Strolling Amok

Pops goes on tour.

Backtrack!

A forecast heatwave moving into Cottonwood, Arizona made me chicken out and climb back to the cooler air of Mingus Mountain yesterday, something like 6.5 miles away, but 16 on the road.  Cooler, but probably not cool. Mingus is more problematic to get accurate temperature forecasts about, so you get what you get. This time, the trip was all climb, so the Mighty Furd burbled its way up the serpentine that is 89A. I’m not the only one who deserted Cottonwood’s 3,500′ elevation, which is expected to hit 90 degrees today and head for the mid-90s until Sunday. My location at 7,300′ should knock that down by perhaps 10 degrees. Of necessity, I’m not conforming to my pre-planned travel itinerary, but the time prior to the Overland Expo consists mainly of mucking about at various unfamiliar sites onroute, their elevations being unknown but certainly not as high as Mingus, so forget it.

This pastoral scene is at the campsite just south of Cottonwood. Moo.

The talk among vanners and RVers is that Cottonwood has some great campsites, but with my interests, I’m just not seeing it at this time of year. The town itself is a great place to resupply and cleanse, but that’s the town, and the clog of traffic can be pretty impressive for its population size. I think that its sites are better suited for group camping with friends. For the lone wolf, it rates as a “Meh”.

The same hot air balloon came over my head two days in a row, early in the morning before any wind could kick up.

The only sound it made during its float past was the intermittent roar of its burner to get and keep altitude.

Once back at Mingus Mountain, I found the road to the park campground to be open, and I stopped at a sightseeing vista point. I suspect that the town in the distance might be Cottonwood, but I didn’t think to look at a compass to find out. At any rate, it’s waaaay down there.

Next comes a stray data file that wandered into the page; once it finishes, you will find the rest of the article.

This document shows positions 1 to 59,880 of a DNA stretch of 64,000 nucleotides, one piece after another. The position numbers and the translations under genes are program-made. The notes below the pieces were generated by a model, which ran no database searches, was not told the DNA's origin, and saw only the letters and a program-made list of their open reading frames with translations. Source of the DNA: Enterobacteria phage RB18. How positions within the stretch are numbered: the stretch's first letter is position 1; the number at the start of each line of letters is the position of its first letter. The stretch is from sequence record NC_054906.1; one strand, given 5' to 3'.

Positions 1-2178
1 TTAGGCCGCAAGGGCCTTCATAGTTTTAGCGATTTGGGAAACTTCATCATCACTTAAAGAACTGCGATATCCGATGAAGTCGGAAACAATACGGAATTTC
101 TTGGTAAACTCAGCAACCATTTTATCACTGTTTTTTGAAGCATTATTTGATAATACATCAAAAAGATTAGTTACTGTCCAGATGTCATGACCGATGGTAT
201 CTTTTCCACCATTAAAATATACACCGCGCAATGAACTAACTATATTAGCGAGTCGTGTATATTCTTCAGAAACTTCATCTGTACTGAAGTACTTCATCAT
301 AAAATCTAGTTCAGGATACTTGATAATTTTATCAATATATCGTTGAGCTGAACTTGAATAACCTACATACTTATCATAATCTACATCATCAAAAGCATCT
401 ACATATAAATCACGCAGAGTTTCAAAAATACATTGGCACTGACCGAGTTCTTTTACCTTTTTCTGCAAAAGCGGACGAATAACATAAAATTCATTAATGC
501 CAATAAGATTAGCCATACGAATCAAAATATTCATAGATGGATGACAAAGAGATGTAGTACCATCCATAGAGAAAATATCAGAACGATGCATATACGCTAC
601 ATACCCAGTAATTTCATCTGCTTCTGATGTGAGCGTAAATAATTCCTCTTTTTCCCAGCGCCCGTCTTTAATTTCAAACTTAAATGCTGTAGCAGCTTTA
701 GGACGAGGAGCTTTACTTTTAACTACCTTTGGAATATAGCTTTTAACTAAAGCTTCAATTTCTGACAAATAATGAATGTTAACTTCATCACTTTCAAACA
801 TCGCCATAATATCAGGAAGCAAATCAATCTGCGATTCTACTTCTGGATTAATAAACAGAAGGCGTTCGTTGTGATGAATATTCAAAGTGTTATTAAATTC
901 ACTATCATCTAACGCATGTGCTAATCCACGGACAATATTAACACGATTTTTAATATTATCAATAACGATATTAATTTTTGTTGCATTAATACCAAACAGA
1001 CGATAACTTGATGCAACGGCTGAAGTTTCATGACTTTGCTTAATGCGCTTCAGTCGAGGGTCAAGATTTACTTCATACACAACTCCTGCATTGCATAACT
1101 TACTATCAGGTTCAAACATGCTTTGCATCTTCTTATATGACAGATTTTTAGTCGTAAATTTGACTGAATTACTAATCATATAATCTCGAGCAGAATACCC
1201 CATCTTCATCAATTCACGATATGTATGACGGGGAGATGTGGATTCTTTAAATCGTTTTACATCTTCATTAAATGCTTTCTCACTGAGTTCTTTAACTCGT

Camp.

And the view of yesterday’s sunset from camp.

Signs in the official (pay) camp higher up warn that this is bear country, though I suspect that sightings are very few. Still, I don’t go out sans a precaution or two, since I don’t care to play the “I wish I had…” game, accompanied by a change of shorts.

Back from the dead. Photo source: Engaget.

On the Good News front, my Pentax DSLR camera seems to have come back on board as of the end of yesterday. It coughed up that last sunset shot. I had reinstalled the latest firmware for it during one of those times it worked when switched on, that act just representing one of those desperate voodoo things you do when you don’t know what else to try. I likened it to a corrupted computer that continually cycles through boot – crash – reboot. Will it stick to the program in the future? I don’t know. But I am particularly pleased, since the glossy glass screen of my iPhone makes it awfully tough to see what you’re shooting in bright sunlight, which is just about all we’ve got down here. Without a viewfinder, you can’t really compose a shot so much as aim and pray. Plus, transferring shots to the laptop wirelessly uses up my Verizon data quotient.